Something Conscious. At the end of the day, our perfect monster must somehow reflect the human experience. We have to see some identifiable part of ourselves in it, and feel that connection on a cognitive level. There has to be something that makes us say, “This monster represents this,” or “Is a manifestation of that.” Whether these allegations are true or not is irrelevant, because some part of us will feel as if we’ve conquered it… right up until it tears our limbs out.

Something Unconscious. Finally, we must empathize with this horror monster on a more emotional level. It has to speak to us in some deep, almost primitive fashion. We acknowledge it is an avatar of nightmares, a walking obscenity, and accept this fact. While we may not agree with this abomination’s existence, we agree that it does indeed exist. The monster buried inside all of us finds comfort in its more obvious abhorrent nature, but we will never voice this.

So there you go, ten characteristics of the perfect horror monster. A bit philosophical overall, but deconstructed to more base creative elements. Needless to say, if anything remotely this nasty decided to stroll down the road, I’d sob like a little kid. Regardless, I’d still love to see it through my tears those last few moments before all the screaming and the bleeding ensued.

BRIAN FATAH STEELE, a member of the indie author co-op Dark Red Press, describes the majority of his work as “Epic Horror with lots of Explosions.” Along with multiple books, his articles and stories have appeared in various e-magazines and online journals. Steele lives in Ohio with a few cats that are probably plotting his doom. Surviving on a diet primarily of coffee and cigarettes, he occasionally dabbles in Visual Arts and Music Production. He still hopes to one day become a Super Villain.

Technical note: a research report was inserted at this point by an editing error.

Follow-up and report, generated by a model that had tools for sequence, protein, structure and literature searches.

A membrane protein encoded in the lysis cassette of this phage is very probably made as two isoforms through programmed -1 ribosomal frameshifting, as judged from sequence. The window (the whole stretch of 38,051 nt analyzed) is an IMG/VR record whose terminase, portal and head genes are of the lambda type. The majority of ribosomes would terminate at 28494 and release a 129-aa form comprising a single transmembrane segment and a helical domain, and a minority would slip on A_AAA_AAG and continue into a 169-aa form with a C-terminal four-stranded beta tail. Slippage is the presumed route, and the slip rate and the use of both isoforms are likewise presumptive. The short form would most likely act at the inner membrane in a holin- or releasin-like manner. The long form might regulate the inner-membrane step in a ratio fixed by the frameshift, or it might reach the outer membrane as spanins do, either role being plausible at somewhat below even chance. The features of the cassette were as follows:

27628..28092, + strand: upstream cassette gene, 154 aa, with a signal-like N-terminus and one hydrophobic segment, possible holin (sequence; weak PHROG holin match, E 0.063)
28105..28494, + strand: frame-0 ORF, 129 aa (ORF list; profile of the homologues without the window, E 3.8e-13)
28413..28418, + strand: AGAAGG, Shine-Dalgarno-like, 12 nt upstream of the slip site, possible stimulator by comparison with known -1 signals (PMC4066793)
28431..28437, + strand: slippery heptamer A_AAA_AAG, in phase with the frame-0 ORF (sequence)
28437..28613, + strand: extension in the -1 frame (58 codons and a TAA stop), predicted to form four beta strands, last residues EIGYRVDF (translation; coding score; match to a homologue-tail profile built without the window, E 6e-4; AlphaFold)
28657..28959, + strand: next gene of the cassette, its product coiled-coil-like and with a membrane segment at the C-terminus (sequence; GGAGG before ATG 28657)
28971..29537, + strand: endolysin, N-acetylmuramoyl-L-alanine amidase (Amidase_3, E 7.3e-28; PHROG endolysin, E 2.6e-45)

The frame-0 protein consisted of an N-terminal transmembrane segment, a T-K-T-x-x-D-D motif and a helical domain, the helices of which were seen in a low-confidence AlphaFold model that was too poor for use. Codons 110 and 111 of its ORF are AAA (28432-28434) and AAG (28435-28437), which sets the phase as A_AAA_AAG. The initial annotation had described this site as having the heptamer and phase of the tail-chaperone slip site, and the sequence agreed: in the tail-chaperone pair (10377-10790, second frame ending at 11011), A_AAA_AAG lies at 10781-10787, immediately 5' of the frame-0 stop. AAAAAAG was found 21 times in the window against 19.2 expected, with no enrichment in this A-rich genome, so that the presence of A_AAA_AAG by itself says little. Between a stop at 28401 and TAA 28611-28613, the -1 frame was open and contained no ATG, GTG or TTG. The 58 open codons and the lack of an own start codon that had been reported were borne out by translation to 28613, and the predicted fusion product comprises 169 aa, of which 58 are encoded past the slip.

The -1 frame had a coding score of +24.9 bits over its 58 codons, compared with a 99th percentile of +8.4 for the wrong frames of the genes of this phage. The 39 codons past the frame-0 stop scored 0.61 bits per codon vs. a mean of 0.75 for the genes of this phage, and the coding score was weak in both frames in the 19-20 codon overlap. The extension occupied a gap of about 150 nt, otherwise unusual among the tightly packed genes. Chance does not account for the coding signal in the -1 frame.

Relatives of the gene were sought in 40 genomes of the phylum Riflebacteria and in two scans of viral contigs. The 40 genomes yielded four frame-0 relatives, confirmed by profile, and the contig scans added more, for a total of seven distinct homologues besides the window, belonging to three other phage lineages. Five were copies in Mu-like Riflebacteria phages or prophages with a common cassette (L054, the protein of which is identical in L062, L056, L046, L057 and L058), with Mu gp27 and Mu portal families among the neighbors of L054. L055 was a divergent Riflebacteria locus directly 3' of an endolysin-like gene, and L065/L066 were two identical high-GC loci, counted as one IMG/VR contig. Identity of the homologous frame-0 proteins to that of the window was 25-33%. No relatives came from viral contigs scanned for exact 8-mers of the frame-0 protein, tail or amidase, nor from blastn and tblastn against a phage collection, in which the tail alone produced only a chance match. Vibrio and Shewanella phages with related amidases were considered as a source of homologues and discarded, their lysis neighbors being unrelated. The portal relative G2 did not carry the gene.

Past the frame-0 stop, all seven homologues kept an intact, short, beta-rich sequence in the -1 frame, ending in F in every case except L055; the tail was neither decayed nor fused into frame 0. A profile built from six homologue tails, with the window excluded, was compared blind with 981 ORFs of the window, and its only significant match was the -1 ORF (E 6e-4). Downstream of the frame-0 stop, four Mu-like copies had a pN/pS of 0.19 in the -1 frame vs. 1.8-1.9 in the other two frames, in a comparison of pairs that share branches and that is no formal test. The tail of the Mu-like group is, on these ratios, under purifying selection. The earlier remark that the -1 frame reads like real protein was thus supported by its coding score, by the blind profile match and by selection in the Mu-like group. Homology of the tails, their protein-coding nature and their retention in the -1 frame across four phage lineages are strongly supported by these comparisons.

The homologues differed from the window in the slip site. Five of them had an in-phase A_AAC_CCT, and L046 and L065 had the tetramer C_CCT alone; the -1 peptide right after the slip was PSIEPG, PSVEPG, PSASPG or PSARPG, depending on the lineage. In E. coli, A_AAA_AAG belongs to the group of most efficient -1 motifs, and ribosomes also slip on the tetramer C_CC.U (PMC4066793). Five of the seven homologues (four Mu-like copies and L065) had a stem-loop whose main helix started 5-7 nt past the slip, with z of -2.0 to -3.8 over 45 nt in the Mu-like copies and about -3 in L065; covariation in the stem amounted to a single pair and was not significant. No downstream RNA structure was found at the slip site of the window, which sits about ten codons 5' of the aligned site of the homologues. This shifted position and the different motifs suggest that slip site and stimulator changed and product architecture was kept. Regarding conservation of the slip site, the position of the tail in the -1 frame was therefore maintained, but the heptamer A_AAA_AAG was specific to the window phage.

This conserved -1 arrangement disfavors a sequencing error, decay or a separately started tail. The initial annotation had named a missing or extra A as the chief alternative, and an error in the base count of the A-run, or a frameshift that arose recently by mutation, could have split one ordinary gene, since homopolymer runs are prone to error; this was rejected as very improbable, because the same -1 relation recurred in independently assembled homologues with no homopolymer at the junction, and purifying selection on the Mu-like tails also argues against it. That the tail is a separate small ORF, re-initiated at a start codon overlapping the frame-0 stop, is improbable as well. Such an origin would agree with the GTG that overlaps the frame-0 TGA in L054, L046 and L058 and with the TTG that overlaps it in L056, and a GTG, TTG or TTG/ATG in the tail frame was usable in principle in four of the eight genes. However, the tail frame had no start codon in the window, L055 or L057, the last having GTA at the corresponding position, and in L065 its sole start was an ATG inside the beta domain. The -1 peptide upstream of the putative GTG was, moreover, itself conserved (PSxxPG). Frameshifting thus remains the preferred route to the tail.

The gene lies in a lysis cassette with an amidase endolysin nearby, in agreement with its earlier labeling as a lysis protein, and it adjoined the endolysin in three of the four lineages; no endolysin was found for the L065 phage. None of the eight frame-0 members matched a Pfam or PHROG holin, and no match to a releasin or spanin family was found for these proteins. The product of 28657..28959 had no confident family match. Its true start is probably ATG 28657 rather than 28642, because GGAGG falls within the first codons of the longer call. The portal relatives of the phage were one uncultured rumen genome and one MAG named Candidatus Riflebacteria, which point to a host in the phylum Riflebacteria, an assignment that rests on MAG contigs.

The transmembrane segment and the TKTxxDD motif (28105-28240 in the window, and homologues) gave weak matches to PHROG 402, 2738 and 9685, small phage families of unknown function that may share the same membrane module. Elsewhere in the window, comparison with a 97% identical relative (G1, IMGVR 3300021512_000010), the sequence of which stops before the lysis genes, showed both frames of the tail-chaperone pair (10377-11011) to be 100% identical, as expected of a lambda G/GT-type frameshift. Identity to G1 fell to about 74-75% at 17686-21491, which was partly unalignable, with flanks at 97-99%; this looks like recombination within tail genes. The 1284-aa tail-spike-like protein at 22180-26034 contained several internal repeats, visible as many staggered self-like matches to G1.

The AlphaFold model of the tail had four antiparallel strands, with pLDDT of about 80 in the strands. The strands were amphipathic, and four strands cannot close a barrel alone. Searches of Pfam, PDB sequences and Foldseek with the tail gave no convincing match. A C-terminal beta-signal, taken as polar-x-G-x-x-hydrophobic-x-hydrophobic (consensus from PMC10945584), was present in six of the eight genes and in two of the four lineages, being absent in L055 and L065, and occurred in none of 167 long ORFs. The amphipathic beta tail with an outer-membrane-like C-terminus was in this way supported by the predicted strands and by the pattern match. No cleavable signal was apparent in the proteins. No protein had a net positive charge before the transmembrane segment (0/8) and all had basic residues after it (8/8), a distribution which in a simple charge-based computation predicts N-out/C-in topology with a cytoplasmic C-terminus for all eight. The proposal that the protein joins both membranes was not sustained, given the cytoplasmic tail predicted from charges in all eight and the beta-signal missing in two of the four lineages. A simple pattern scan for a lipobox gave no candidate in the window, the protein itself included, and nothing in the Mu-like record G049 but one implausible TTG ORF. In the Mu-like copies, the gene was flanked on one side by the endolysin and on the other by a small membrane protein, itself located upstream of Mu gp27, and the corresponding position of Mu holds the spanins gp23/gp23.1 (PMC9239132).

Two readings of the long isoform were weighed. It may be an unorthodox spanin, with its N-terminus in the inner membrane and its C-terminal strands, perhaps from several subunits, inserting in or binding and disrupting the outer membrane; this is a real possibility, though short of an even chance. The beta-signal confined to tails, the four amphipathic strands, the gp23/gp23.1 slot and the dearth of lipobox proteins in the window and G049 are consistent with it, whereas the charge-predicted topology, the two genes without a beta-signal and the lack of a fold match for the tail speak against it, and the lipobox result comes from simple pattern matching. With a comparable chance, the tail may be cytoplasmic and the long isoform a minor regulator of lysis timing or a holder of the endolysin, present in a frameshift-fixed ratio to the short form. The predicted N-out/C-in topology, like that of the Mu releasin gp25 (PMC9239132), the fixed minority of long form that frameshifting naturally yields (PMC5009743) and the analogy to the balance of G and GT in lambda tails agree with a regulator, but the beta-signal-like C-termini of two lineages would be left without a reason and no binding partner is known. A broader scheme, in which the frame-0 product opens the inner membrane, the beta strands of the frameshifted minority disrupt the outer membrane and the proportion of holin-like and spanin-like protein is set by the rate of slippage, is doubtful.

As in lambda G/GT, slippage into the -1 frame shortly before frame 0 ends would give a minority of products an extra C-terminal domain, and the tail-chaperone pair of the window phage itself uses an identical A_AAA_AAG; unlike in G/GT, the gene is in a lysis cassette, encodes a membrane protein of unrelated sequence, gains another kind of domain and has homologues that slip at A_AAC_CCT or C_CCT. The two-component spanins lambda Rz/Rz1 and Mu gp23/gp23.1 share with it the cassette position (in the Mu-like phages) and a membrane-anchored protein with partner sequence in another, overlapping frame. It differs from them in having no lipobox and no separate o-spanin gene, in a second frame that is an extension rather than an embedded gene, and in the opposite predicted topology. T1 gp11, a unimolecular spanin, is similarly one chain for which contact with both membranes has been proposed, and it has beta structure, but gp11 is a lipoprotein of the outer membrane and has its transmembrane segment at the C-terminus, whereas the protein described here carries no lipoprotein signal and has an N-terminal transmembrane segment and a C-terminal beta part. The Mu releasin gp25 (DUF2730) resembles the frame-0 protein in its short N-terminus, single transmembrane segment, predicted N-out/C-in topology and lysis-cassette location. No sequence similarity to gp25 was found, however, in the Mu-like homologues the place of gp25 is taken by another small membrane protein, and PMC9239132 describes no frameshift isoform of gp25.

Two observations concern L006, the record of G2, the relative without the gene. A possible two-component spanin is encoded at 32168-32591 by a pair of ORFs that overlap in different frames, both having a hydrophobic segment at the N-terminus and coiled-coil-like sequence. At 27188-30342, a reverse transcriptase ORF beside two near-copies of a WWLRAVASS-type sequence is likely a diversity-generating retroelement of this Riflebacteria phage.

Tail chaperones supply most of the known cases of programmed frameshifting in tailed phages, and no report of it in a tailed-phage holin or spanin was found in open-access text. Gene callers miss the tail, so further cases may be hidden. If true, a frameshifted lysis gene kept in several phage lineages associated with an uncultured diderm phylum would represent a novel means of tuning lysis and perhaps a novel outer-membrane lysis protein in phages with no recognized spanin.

2 thoughts on “The Perfect Horror Monster by Brian Fatah Steele

  1. Have you ever read The Philosophy of Horror, or Paradoxes of the Heart, by Noel Carroll? I discovered it just before I took a class on Aesthetics in College, based my term paper on it that semester. His position is essentially that what causes horror in us is the category confusion of the monster in question. I disagreed with him to the extent that I believed the only category we knew well enough to be horrified by was our own, so all monsters are human at base, all things monstrous are so in relation to us.

Leave a Reply

Fill in your details below or click an icon to log in: Logo

You are commenting using your account. Log Out /  Change )

Google photo

You are commenting using your Google account. Log Out /  Change )

Twitter picture

You are commenting using your Twitter account. Log Out /  Change )

Facebook photo

You are commenting using your Facebook account. Log Out /  Change )

Connecting to %s